Believe it or not, many consumers and retailers do not know that peaches are grown in Florida. However, thanks to a Specialty Crop Block Grant, the Florida Specialty Crop Foundation (FSCF) and Fresh From Florida (FFF) are working to raise awareness of Florida peaches.
FSCF initially received the grant in 2017. After two successful seasons, the grant has been extended for another two years. Sonia Tighe, executive director of FSCF, has led the efforts for the peach project.
The peach marketing campaign has been a two-pronged approach: 1) reaching out to retail buyers along with their advertisers and public relations professionals and 2) outreach to consumers.
According to Tighe, FFF has found retail buyers and created artwork for consumer outreach. “They have been an incredible partner in this process,” she says.
REVVING UP RETAIL
When the campaign efforts began, several of the retail buyers did not know that peaches were grown in Florida. So, a lot of the outreach to retail buyers involved educating them about the Florida peach industry. The program started with an advertising campaign to promote the peaches to produce buyers. After the first year, these campaigns saw great results. Buyers began contacting FSCF and wanted to know more about Florida peaches and how they could get them in their stores.
In-store sampling was used to not only appeal to retailers, but consumers as well. After the first year, in a major chain in Canada, Florida peach sales increased 319 percent over the previous week during the sampling. Furthermore, the year-over-year sales growth was 50 percent higher due to the sampling.
For the 2018 season, six retail chains participated in the campaign, with in-store sampling stations set up in over 165 stores, which was an expansion from the 2017 season. Three of those retail chains put Florida peaches in advertisements, which were expected to reach 970 stores. Results from these ads and more in-store sampling for the 2018 season have not yet been reported.
Tighe says FFF was a “tremendous resource” for this facet of the campaign. FFF gave FSCF the connections and resources needed to make Florida peaches as appealing to retailers as possible.
Creating awareness of Florida peaches among retailers does not do any good if consumers don’t share that awareness. Because of this, the second prong of the marketing campaign is consumer outreach.
Although in-store sampling gave consumers the chance to taste the peaches firsthand, Tighe knew the internet was necessary to gain maximum awareness among consumers. At the request of the Florida Peach Advisory Group, instead of creating a Florida peaches website, she used Facebook only. “We’ve gotten very good consumer interaction with that,” Tighe says.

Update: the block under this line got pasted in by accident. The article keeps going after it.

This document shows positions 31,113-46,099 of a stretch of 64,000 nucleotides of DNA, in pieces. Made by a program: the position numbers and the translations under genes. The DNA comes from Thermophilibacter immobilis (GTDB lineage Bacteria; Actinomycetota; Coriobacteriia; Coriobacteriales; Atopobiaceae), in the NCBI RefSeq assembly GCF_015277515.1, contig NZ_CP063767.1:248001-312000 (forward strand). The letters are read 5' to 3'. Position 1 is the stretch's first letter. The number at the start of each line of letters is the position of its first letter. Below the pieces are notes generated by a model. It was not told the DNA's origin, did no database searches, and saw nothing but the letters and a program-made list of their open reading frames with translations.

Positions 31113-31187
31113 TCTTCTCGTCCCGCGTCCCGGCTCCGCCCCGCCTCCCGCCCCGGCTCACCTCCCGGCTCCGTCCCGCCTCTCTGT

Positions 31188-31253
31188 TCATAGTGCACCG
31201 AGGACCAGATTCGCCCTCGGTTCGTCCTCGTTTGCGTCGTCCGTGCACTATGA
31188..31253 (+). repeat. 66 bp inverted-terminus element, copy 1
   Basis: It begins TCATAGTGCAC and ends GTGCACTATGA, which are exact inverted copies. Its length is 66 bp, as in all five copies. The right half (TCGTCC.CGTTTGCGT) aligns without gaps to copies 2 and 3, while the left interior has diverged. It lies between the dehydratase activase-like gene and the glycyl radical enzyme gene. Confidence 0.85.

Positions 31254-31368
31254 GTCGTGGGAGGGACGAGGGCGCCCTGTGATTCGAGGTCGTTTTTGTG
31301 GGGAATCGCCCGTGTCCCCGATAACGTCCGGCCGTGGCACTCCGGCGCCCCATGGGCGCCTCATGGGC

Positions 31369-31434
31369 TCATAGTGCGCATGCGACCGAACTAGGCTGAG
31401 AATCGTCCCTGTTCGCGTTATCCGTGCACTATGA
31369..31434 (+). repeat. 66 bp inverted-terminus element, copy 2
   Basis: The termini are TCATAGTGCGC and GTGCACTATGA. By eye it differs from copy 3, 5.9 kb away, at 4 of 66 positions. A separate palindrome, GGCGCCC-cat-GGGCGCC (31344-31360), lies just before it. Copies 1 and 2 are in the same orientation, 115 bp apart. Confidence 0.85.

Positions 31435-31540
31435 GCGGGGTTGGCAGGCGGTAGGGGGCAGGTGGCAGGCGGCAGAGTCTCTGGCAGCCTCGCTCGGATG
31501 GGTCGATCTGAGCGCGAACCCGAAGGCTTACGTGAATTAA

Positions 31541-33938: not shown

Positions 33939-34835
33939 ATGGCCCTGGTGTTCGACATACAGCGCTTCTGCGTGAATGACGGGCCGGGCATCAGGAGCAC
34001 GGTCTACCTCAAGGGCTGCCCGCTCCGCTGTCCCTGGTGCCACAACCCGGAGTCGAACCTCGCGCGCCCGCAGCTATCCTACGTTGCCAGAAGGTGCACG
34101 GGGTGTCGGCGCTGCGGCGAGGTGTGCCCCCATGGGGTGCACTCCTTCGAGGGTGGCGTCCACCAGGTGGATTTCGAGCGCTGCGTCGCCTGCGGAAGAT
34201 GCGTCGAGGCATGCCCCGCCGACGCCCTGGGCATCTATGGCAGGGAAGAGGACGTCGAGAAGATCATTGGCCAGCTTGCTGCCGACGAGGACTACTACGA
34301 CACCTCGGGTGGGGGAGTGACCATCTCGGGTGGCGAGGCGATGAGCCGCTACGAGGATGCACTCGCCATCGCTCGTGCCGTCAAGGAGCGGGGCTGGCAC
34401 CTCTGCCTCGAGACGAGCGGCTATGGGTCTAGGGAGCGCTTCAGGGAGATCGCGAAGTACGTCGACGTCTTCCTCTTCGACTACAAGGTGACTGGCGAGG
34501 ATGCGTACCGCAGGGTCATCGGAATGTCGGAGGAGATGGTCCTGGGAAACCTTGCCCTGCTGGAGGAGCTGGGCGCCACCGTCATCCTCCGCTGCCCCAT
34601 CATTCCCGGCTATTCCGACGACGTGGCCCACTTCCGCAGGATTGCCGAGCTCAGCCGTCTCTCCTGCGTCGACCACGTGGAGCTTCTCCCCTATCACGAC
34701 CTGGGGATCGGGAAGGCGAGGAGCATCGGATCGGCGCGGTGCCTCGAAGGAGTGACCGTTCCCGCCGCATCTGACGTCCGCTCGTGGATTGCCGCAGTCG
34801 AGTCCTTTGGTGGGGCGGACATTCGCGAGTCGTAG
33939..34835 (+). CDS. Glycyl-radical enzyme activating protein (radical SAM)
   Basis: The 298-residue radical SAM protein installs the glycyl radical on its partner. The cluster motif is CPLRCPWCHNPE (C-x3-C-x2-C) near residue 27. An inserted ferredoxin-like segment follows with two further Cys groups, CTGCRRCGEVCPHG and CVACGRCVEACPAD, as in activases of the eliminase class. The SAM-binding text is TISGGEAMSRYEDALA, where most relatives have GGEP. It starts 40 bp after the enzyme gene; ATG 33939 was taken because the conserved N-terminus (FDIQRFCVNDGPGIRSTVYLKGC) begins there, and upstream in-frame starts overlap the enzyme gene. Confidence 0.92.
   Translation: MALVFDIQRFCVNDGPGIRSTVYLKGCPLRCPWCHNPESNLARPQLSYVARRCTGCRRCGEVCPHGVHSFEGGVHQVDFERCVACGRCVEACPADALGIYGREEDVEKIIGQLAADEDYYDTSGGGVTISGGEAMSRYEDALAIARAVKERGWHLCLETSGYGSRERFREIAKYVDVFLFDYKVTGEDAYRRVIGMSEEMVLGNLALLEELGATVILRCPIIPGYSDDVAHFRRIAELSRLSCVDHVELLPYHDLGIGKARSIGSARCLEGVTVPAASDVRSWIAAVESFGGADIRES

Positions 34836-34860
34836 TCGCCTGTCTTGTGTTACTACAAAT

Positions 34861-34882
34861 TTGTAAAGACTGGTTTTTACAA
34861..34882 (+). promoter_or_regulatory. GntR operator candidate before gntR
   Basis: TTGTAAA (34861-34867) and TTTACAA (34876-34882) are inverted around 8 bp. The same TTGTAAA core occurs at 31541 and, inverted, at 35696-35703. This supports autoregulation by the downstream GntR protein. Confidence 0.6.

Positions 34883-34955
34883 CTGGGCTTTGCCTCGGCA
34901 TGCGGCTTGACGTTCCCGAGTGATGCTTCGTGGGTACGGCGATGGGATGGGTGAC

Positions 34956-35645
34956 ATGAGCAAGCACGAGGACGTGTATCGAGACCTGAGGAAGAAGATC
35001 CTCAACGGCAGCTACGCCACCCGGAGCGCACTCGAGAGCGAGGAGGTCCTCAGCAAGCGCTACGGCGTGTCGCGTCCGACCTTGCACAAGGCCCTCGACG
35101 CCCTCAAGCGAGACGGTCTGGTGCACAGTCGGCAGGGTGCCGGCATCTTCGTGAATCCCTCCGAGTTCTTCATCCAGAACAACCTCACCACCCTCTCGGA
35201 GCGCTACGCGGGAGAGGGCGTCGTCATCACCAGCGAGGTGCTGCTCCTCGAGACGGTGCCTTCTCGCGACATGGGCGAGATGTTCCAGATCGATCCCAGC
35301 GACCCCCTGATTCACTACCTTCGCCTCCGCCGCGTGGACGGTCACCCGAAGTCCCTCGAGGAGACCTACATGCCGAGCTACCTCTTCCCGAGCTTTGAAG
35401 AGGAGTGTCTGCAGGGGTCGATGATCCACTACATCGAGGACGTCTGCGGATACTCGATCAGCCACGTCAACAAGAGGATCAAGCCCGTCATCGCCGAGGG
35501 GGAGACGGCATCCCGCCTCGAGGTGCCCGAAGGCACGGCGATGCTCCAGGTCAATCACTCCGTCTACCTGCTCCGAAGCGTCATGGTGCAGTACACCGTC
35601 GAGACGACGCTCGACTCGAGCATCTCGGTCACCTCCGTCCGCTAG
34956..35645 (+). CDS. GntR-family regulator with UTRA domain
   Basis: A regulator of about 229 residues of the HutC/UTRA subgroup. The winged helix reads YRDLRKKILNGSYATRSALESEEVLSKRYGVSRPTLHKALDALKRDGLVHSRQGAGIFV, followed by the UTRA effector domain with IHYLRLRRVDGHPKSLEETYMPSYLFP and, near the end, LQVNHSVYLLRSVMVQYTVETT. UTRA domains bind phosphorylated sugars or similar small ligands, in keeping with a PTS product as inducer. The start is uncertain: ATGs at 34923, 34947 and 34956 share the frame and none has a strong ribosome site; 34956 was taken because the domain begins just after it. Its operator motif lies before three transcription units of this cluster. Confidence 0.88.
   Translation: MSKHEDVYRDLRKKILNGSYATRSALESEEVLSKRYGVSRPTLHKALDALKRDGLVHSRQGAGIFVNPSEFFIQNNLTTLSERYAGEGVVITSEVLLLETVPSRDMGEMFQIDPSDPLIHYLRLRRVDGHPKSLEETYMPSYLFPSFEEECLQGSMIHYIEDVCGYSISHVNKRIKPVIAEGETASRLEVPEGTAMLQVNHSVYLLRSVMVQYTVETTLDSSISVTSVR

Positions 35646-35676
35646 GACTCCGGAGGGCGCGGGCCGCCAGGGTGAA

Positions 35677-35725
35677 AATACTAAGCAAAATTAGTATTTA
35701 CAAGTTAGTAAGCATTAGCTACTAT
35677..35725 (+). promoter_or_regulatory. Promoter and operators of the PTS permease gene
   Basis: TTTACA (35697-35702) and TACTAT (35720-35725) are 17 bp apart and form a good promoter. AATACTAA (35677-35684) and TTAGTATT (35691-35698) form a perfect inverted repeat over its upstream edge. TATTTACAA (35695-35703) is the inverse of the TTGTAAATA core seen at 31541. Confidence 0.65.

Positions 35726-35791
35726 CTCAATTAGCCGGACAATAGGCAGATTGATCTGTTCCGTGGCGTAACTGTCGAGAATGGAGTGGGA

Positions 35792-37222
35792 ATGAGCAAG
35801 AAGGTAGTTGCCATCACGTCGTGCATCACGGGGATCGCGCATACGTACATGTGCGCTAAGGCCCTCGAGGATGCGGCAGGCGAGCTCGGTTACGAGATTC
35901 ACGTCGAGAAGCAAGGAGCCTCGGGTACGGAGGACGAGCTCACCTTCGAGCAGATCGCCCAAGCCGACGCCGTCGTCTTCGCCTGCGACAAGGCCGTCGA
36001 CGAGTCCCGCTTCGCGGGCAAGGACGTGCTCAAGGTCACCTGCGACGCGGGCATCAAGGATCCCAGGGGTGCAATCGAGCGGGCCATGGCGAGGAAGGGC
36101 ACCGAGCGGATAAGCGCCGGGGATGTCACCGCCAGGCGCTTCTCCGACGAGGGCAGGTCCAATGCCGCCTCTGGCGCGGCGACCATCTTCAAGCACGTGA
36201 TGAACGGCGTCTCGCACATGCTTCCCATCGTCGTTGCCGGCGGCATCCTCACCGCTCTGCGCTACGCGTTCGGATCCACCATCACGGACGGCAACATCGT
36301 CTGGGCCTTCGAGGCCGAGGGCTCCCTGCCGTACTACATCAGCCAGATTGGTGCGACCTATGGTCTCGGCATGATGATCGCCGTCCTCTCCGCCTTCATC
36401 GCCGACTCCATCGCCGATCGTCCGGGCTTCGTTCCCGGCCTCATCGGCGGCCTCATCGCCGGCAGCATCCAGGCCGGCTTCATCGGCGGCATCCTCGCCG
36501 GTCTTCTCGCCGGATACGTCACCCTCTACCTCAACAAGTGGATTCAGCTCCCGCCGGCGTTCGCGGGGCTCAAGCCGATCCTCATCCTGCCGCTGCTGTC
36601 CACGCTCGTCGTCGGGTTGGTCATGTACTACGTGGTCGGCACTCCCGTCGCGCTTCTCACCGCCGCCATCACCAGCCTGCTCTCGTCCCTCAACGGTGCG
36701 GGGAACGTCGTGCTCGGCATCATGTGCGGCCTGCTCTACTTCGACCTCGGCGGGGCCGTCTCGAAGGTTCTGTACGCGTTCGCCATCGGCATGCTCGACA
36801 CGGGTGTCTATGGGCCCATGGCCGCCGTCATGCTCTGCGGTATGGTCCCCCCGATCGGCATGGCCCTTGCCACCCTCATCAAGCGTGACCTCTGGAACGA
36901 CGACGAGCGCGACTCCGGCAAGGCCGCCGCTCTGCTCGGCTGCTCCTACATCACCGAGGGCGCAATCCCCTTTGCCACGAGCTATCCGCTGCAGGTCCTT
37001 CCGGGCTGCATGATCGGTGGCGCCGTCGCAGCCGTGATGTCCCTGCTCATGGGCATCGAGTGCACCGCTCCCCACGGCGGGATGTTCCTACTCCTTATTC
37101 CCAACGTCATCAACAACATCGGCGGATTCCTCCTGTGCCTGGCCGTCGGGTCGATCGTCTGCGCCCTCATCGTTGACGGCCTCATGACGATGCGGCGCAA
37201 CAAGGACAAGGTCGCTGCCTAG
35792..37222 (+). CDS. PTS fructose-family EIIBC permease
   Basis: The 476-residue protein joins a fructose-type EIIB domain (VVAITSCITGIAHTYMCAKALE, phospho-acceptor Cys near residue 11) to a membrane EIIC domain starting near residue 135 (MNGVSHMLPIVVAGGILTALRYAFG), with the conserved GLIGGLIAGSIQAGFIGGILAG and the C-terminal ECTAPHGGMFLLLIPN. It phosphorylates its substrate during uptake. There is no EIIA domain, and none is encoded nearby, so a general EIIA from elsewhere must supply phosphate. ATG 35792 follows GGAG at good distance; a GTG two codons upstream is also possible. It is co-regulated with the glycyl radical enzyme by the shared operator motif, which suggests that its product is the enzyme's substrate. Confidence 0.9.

By the end of the 2018 season (April, May and June), the Florida Peaches Facebook page (www.facebook.com/FLpeaches) had 5,356 fans, 6,539 engagements and 215,000 impressions, which was a 53 percent increase from the first quarter. The top interacting cities were Jacksonville, Orlando, Tampa, Miami and Gainesville. “(Those are) obviously some of the key cities we want to reach,” Tighe explains.
Since the grant was extended through the 2020 peach season for $249,367, Tighe is beginning to make plans for the next round of outreach. A new logo is being designed that will make its debut on the Facebook page and be available for any Florida peach growers who want to use it.
Tighe hopes to add more customer outreach efforts and find ways to engage additional food bloggers for the 2019 and 2020 seasons. If food bloggers become involved, Florida peaches may make their way into some recipes, driving more consumers to the store. A website will also be developed to expand Florida peaches’ online presence.
Tighe says Publix began selling Florida peaches again. “That’s a major step forward. We’re very excited about that,” she says. However, Publix wanted two-pound bags of peaches instead of boxes. Tighe is evaluating how this may impact the campaign.
Over the next two years, Tighe also wants to promote Florida’s you-pick peach operations within the campaign materials.
Education of the Florida peach industry and its marketing window remains at the center of the campaign. “We still have education to do with the retailers. There are still some that don’t know about it (the Florida peach industry), and don’t understand that we fit into a window that no other state or country is marketing into,” Tighe concludes.
This article was featured in the September issue of VSCNews magazine. To receive future issues of VSCNews magazine, click here.
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